Global Magnetohydrodynamical Simulations of Accretion Tori

John F. Hawley

Virginia Institute of Theoretical Astronomy,

Department of Astronomy, University of Virginia,

Charlottesville, VA 22903; jh8h@virginia.edu

Abstract: Global time-dependent simulations provide a means to investigate time-dependent dynamic evolution in accretion disks. This paper seeks to extend previous local simulations by beginning a systematic effort to develop fully global three-dimensional simulations. The nonlinear development of the magnetorotational instability is investigated using a time-explicit finite difference code written in cylindrical coordinates. The equations of ideal magnetohydrodynamics are solved with the assumption of an adiabatic equation of state. Both a Newtonian, and a pseudo-Newtonian potential are used. Two simplifications are also explored: a cylindrical gravitational potential (the ``cylindrical disk''), and axisymmetry. The results from those simulations are compared with fully three dimensional global simulations.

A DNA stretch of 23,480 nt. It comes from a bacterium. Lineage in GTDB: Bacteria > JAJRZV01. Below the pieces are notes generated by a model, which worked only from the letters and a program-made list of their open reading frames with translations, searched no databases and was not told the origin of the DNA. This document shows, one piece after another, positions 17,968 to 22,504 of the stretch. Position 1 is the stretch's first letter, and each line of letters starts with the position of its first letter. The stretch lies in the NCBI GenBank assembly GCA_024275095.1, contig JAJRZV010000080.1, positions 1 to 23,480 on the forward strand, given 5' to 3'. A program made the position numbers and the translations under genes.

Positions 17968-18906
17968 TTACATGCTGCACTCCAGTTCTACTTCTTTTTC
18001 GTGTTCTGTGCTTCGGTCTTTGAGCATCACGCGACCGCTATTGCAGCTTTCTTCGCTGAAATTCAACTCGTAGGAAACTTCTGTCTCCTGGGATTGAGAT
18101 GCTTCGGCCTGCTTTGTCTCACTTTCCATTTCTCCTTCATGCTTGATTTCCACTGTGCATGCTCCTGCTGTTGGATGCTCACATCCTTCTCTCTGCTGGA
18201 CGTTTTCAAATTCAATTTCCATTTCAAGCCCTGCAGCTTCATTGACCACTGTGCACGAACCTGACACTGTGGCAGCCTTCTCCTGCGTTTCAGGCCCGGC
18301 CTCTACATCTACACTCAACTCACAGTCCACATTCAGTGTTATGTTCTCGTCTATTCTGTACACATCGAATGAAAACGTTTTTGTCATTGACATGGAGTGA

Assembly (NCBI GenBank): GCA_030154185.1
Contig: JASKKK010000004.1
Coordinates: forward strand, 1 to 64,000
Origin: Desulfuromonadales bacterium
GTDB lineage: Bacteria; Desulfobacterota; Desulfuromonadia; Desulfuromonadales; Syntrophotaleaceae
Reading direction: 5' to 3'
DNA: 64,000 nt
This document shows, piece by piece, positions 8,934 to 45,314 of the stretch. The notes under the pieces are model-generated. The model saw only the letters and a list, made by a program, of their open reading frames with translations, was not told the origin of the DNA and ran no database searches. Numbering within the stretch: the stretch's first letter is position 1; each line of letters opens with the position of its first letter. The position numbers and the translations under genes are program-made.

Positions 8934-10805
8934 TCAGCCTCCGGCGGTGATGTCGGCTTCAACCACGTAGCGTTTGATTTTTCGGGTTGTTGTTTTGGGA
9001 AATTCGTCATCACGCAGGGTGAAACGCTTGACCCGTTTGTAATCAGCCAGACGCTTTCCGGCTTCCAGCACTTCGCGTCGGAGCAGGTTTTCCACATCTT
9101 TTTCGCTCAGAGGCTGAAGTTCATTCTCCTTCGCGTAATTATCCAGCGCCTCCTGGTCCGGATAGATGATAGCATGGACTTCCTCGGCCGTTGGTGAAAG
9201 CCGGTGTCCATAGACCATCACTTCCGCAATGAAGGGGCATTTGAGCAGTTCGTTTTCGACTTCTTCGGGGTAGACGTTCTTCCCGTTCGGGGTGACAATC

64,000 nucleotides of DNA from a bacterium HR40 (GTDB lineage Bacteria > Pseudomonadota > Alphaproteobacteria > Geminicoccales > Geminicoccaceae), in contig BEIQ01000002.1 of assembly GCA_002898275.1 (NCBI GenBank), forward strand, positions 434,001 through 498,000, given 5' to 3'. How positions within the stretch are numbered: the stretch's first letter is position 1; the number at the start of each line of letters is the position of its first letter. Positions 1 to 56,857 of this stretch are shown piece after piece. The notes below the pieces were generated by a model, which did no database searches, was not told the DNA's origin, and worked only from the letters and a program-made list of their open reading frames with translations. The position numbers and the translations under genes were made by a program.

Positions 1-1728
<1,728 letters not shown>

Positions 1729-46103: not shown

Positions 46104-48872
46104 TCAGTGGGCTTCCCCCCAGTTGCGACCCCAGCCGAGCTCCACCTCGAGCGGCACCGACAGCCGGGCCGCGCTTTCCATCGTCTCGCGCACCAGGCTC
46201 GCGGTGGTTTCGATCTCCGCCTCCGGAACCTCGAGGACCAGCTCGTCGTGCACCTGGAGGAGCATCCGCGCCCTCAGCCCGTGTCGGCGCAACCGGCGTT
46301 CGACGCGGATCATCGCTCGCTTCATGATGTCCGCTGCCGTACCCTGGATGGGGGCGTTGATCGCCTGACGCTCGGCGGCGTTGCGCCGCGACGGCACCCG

The global simulations begin with equilibrium pressure supported accretion tori. Two different initial field geometries are investigated: poloidal fields that are constant along initial equidensity surfaces, and toroidal fields with a constant ratio of gas to magnetic pressure. In both cases the magnetorotational instability rapidly develops, and the torus becomes turbulent. The resulting turbulence transports angular momentum, and the torus develops an angular momentum distribution that is near Keplerian. A comparison with axisymmetric simulations shows that in three dimensions the magnetorotational instability can act as a dynamo and regenerate poloidal field thereby sustaining the turbulence. As previously observed in local simulations, the stress is dominated by the Maxwell component. The total stress in the interior of the disk is ~ 0.1-0.2 the thermal pressure. At late time the disks are characterized by relatively thick configurations, with rapid time-dependence, and tightly-wrapped, low-m spiral structures.

1. Introduction

2. Method

3. Results

4. Discussion

Bonus MPEG movies of simulation GT4:

Movies prepared by grad student Wayne Winters.